Talent and tenacity pay off

    Newly minted All Black Ethan de Groot in Dunedin on Tuesday. Photo: Gregor Richardson
    de Groot, playing for the Highlanders, powers through a tackle during a game against the Hurricanes at Forsyth Barr Stadium in Dunedin this year. Photo: File

    ETHAN de Groot hopes his selection for the All Blacks will show others in Southland they do not have to leave the province to achieve their dream.

    The loosehead prop, who was educated in Invercargill and Gore, where most of his family still live, was the longest of long shots six months ago at being named an All Black.

    But on Monday night, de Groot (22) was named in the All Blacks squad to play in the July internationals and will join the side in the next couple of days.

    “It is just a dream come true. Any kid in New Zealand wants to be an All Black that plays footy, so I just can’t believe it has happened,” he said on Tuesday.

    “My parents signed me up when I was young and I just never stopped playing.”

    de Groot first played for the Albion-Excelsior club in Gore, before playing at Gore High School.

    In Year 12, he moved to Invercargill, attending Southland Boys’ High School and playing for its 1st XV when rugby became more of a focus.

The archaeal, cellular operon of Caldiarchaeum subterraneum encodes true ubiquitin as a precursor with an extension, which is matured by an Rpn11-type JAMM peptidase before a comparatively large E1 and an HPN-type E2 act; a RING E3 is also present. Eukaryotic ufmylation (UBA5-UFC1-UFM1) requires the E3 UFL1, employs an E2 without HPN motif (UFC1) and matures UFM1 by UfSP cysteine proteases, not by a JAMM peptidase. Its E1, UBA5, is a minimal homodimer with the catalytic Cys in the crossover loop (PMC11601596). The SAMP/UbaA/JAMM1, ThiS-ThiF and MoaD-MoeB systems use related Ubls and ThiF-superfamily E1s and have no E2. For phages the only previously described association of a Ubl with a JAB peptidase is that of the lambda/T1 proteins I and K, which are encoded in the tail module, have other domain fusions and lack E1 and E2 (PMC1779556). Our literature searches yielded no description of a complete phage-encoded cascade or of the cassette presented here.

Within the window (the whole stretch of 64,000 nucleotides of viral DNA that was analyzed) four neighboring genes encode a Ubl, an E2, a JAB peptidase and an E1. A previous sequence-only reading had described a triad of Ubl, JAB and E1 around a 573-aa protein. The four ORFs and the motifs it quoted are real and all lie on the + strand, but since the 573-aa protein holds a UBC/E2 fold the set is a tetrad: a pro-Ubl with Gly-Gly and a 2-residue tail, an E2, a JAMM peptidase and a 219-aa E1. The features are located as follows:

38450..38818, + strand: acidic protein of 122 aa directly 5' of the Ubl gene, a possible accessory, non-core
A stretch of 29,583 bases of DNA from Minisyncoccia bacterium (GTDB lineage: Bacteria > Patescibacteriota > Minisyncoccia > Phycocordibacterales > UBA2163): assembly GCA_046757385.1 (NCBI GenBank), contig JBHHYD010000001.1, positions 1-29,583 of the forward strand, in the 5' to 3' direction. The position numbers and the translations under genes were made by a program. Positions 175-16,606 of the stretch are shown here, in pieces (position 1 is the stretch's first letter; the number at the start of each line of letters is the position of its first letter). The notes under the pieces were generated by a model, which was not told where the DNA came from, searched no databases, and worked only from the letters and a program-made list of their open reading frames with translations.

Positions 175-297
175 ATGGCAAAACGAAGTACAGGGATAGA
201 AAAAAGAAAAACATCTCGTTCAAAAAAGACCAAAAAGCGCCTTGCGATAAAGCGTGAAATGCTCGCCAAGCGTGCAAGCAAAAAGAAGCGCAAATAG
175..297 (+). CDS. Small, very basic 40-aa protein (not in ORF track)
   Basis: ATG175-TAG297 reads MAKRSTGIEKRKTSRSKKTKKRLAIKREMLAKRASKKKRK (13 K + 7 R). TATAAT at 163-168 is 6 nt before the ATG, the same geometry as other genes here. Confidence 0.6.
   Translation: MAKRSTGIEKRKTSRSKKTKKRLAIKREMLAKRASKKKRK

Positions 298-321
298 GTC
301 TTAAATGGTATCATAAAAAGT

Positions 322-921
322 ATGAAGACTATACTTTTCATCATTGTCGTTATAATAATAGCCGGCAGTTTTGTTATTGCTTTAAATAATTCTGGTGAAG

He has played for the Invercargill Blues Rugby Club, the Southland Stags and the Highlanders.

    “Growing up, my favourite players were Carl Hayman and obviously Whopper [Jamie Mackintosh] from Southland.

    “There has not been a hell of a lot since those guys, sitting where I am now, so to follow in their footsteps has been pretty special,” de Groot said.

    “I’d like to think I have inspired parents and kids to stay in Southland and do their schooling in Southland because there is a pathway. It is tough because you are not in the limelight but it can be done.

    “A lot of parents send their kids away, out of the province to do their schooling and then they go on from there. But I hope fully I’ve inspired some people to stick to their roots.”

    Former coach at Southland Boys’ High School, Peter Skelt, said de Groot was very, very focused on learning as much as possible about the game.

    “He worked extremely hard on developing his skill set both at the set piece and in general play.”

    He also focused on the work off the field, continuously at the gym making sure his body was in the best condition to play, Skelt said.

    While at the secondary school, de Groot’s priority was to focus on his role in the game plan and play in the team week-in, week-out, regardless of any pain, Skelt said.

    After dislocating a shoulder during a match, de Groot continued in the game and played the following weeks, strapped up.

    “He was a player who had a high pain threshold.”

    Skelt said de Groot followed in a line of All Black loosehead props, which included Clark Dermody and Mackintosh, who also attended the school.

    Skelt said de Groot always had the makings of a potential All Black as he had the talent but also the work ethic and tenacity, and always wanted to improve on his game.